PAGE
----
Specifying Column Types when Importing xlsx Data to R with Package readxl

jackw19 Source

I'm importing xlsx 2007 tables into R 3.2.1patched using package readxl 0.1.0 under Windows 7 64. The tables' size is on the order of 25,000 rows by 200 columns.

Function read_excel() works a treat. My only problem is with its assignment of column class (datatype) to sparsely populated columns. For example, a given column may be NA for 20,000 rows and then will take a character value on row 20,001. read_excel() appears to default to column type numeric when scanning the first n rows of a column and finding NAs only. The data causing the problem are chars in a column assigned numeric. When the error limit is reached, execution halts. I actually want the data in the sparse columns, so setting the error limit higher isn't a solution.

I can identify the troublesome columns by reviewing the warnings thrown. And read_excel() has an option for asserting a column's datatype by setting argument col_types according to the package docs:

Either NULL to guess from the spreadsheet or a character vector containing blank,numeric, date or text.

But does this mean I have to construct a vector of length 200 populated in almost every position with blank and text in handful of positions corresponding to the offending columns?

There's probably a way of doing this in a couple lines of R code. Create a vector of the required length and fill it with blanks. Maybe another vector containing the numbers of the columns to be forced to text, and then ... Or maybe it's possible to call out for read_excel() just the columns for which its guesses aren't as desired.

I'd appreciate any suggestions.

Thanks in advance.

rreadxl

Answers

answered 3 years ago jeremycg #1

Reading the source, it looks like column types are guessed by the functions xls_col_types or xlsx_col_types, which are implemented in Rcpp, but have the defaults:

xls_col_types <- function(path, na, sheet = 0L, nskip = 0L, n = 100L, has_col_names = FALSE) {
    .Call('readxl_xls_col_types', PACKAGE = 'readxl', path, na, sheet, nskip, n, has_col_names)
}

xlsx_col_types <- function(path, sheet = 0L, na = "", nskip = 0L, n = 100L) {
    .Call('readxl_xlsx_col_types', PACKAGE = 'readxl', path, sheet, na, nskip, n)
}

My C++ is very rusty, but it looks like the n=100L is the command telling how many rows to read.

As these are non exported functions, paste in:

fixInNamespace("xls_col_types", "readxl")
fixInNamespace("xlsx_col_types", "readxl")

And in the pop-up, change the n = 100L to a larger number. Then rerun your file import.

answered 3 years ago Jack Wasey #2

It depends on whether your data is sparse in different places in different columns, and how sparse it is. I found that having more rows didn't improve the parsing: the majority were still blank, and interpreted as text, even if later on they become dates, etc..

One work-around is to generate the first data row of your excel table to include representative data for every column, and use that to guess column types. I don't like this because I want to leave the original data intact.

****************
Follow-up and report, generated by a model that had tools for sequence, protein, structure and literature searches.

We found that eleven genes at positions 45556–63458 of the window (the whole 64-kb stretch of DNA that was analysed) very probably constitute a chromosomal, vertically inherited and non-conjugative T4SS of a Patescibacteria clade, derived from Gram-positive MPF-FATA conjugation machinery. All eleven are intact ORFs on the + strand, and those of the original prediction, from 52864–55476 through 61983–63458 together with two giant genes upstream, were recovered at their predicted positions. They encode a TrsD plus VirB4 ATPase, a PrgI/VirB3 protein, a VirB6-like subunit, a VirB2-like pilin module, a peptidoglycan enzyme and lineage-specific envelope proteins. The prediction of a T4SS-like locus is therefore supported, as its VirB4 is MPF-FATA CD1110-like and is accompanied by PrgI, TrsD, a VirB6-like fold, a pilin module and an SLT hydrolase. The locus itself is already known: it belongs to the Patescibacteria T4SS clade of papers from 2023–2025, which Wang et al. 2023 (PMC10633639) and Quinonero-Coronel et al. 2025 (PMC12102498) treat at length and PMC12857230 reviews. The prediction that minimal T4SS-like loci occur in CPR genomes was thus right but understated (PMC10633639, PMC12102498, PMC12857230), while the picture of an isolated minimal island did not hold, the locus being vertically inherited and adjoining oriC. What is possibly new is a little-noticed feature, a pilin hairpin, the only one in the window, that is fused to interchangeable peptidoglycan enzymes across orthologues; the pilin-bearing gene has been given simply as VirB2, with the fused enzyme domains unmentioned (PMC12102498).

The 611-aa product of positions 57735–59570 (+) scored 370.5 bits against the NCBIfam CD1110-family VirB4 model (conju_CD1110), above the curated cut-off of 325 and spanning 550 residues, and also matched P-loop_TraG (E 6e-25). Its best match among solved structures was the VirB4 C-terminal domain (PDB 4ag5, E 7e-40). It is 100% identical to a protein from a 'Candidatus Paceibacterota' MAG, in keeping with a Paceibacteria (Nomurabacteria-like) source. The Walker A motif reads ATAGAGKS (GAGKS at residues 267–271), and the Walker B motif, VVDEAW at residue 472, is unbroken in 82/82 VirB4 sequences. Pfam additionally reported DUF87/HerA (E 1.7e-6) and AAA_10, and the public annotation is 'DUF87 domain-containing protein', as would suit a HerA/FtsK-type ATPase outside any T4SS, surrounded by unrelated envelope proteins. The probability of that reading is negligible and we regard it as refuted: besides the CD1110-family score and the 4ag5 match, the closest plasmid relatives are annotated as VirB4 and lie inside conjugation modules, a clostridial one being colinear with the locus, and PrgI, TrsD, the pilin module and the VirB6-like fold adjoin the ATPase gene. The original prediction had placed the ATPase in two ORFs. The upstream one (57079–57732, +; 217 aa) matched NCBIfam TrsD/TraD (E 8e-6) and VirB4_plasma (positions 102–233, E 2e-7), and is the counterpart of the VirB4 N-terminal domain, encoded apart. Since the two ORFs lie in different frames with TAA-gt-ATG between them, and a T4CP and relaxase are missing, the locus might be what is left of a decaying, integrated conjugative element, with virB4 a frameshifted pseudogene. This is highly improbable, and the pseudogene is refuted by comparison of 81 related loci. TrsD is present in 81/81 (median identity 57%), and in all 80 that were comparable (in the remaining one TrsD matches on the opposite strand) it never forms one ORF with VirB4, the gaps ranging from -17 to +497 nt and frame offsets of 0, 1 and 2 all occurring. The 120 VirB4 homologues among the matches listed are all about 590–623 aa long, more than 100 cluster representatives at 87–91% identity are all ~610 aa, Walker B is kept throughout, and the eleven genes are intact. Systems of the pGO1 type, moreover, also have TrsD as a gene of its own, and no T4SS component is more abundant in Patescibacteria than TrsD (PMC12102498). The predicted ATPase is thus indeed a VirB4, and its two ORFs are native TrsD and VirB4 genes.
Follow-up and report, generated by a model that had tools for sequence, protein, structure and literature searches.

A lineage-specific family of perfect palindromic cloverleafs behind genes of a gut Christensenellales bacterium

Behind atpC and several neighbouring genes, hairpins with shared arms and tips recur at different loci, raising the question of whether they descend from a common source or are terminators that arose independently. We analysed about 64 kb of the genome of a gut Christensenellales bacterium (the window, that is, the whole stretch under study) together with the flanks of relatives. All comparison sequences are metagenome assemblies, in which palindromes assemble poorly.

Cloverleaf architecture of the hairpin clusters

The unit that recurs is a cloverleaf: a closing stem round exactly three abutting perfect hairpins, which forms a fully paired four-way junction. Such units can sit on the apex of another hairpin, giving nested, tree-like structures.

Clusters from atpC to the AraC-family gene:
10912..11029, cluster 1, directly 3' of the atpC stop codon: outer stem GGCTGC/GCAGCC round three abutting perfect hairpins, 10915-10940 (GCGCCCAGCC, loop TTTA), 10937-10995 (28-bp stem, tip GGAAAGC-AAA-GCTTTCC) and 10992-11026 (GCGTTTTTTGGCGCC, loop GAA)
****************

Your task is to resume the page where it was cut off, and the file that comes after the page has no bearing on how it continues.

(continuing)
Another workaround, if you have complete rows somewhere in the spreadsheet, is to use nskip instead of n. This gives the starting point for the column guessing. Say data row 117 has a full set of data:

readxl:::xlsx_col_types(path = "a.xlsx", nskip = 116, n = 1)

Note that you can call the function directly, without having to edit the function in the namespace.

You can then use the vector of spreadsheet types to call read_excel:

col_types <- readxl:::xlsx_col_types(path = "a.xlsx", nskip = 116, n = 1)
dat <- readxl::read_excel(path = "a.xlsx", col_types = col_types)

Then you can manually update any columns which it still gets wrong.

answered 3 years ago Stanislav #3

I have encountered a similar problem.

In my case empty rows and columns were used as separators. And there were a lot of of tables (with different formats) contained in the sheets. So, {openxlsx} and {readxl} packages do not suit in this situation, cause openxlsx remove empty columns (and there is not parameter to change this behavior). Readxl package works as you described, and some data may be lost.

In the result, I think, that the best solution, if you want to automatically handle big amounts of excel data, is to read sheets without changes in the 'text' format and then process data.frames according to your rules.

This function can read sheets without changes (thanks to @jack-wasey):

loadExcelSheet<-function(excel.file, sheet)
{
  require("readxl")
  sheets <- readxl::excel_sheets(excel.file)
  sheet.num <- match(sheet, sheets) - 1
  num.columns <- length(readxl:::xlsx_col_types(excel.file, sheet =   sheet.num,
                                              nskip = 0, n = 1))

  return.sheet <- readxl::read_excel(excel.file, sheet = sheet,
                                col_types = rep("text", num.columns),
                                col_names = F)